In every institution, two types of organizations exist, namely, formal and informal organizations.
Formal Organization is one resulting from planning where the pattern or structure may have already been determined by the top management. Formal organization of groups is created in order to facilitate specific work and achievement of institutional goals.
A formal group is a legitimate subset of an institution which is consciously established. Some example of formal groups includes committees, small departments/units, task force, research teams etc. The structure, procedural rules and membership of a formal group are explicitly stated.
The emphasis here is on office, order, definite duties and responsibilities, line of command and hierarchy, communication chain in the organizational position. Formal organization denotes a power structure, delegation of authority as per the organizational chart, a bureaucratic system of rules and accountability.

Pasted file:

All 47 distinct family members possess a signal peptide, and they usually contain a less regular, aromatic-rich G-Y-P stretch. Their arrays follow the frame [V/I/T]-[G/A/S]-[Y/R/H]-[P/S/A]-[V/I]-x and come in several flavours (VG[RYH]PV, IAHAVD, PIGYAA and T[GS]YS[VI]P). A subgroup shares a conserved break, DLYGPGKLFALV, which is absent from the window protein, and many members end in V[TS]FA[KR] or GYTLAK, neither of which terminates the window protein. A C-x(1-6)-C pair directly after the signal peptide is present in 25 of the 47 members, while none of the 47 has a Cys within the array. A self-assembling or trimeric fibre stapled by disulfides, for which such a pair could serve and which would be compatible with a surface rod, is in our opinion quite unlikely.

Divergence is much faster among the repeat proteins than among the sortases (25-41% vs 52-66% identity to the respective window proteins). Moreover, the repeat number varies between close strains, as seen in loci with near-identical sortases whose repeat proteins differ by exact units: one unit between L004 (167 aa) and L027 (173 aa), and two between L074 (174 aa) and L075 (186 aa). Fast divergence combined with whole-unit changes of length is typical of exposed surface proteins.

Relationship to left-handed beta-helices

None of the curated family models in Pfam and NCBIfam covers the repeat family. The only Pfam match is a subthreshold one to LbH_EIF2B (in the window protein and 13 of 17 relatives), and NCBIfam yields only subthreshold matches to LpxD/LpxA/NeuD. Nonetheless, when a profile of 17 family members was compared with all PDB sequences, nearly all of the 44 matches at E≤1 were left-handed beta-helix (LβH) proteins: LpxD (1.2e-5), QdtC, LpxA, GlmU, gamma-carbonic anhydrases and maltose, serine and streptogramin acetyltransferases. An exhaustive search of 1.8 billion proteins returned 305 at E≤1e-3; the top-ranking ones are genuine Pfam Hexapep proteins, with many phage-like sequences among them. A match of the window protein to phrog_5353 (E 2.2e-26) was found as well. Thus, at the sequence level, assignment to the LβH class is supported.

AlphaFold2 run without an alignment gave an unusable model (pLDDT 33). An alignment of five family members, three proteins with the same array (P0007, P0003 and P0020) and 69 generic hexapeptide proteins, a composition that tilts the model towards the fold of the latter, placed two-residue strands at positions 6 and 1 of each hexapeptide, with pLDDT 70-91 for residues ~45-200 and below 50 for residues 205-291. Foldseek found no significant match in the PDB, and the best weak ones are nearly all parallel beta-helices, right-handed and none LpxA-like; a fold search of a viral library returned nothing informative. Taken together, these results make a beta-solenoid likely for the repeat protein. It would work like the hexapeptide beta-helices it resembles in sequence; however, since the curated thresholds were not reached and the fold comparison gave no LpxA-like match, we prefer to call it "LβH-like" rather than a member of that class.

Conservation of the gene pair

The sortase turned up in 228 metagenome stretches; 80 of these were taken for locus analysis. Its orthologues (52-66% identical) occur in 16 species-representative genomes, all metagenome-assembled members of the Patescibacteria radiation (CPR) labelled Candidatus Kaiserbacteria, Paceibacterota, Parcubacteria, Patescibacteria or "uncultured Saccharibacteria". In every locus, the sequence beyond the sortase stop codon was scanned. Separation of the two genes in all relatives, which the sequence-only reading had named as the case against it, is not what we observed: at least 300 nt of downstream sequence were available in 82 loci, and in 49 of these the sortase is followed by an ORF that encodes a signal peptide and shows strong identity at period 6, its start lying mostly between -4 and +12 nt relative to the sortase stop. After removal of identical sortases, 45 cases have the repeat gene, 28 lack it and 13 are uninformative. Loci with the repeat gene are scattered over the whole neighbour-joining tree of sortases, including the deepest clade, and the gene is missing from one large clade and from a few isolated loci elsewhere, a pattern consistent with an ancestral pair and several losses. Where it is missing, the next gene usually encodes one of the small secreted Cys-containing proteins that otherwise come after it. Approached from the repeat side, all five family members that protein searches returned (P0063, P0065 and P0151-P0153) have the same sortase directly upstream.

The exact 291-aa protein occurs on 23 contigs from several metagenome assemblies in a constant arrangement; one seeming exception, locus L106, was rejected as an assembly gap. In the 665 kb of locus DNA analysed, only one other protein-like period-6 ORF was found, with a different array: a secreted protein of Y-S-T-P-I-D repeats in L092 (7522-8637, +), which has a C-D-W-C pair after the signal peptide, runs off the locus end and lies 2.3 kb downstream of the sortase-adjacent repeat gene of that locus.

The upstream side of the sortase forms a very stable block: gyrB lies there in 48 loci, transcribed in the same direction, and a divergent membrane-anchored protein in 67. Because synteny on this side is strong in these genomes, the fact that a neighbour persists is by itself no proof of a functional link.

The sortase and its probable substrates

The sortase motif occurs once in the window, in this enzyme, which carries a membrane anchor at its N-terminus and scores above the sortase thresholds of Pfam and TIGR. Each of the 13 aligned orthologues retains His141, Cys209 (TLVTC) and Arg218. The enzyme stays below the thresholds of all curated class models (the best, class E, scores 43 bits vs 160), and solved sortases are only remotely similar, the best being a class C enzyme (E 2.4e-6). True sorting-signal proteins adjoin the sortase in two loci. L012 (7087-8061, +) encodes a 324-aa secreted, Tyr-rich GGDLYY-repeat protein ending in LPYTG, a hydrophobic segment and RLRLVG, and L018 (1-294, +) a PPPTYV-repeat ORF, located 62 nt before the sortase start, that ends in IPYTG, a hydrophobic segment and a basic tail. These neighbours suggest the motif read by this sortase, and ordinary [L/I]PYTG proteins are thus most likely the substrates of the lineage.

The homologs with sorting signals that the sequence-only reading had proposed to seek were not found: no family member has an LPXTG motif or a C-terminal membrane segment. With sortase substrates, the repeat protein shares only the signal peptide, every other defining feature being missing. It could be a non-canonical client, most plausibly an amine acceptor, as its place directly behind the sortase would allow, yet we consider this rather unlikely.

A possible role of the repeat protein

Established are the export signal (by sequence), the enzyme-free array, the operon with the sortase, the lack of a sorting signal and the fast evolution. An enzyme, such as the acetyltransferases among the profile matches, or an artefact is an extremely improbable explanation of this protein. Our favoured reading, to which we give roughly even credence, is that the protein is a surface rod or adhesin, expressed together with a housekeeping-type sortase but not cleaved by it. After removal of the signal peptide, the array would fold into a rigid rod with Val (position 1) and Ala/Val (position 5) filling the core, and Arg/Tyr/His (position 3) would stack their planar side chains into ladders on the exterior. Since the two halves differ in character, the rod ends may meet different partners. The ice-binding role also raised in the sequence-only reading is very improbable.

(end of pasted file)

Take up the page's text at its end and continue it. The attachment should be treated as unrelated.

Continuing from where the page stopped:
Informal Organization emerges out of interactions and interpersonal relationships among the members of the formal groups. These are centered on common interests, friendships and social needs of people and evolve naturally. Informal groups have their own leaders.
It has no formal structure, prescribed rules, positions, duties, responsibilities and authority flow. Informal organization is a psycho-social system developed by employees themselves. The authority of the leader in informal groups is based on personal acceptance.
It can threaten informal organization through rumours, oral exchanges or grapevine. It can carry information correct or false with tremendous speed in the form of gossips and talks. Very often, grapevine results in distorted information.
Informal organization can give rise to resistance to change, influence the morale of the staff and the speed of work. Usually, informal organization arises when formal system of communication is poor, laws are implemented rigidly and in letter, red tape is prevalent and action is slow in the institution. It is generally seen that formal and informal organizations exist simultaneously and may or may not support each other.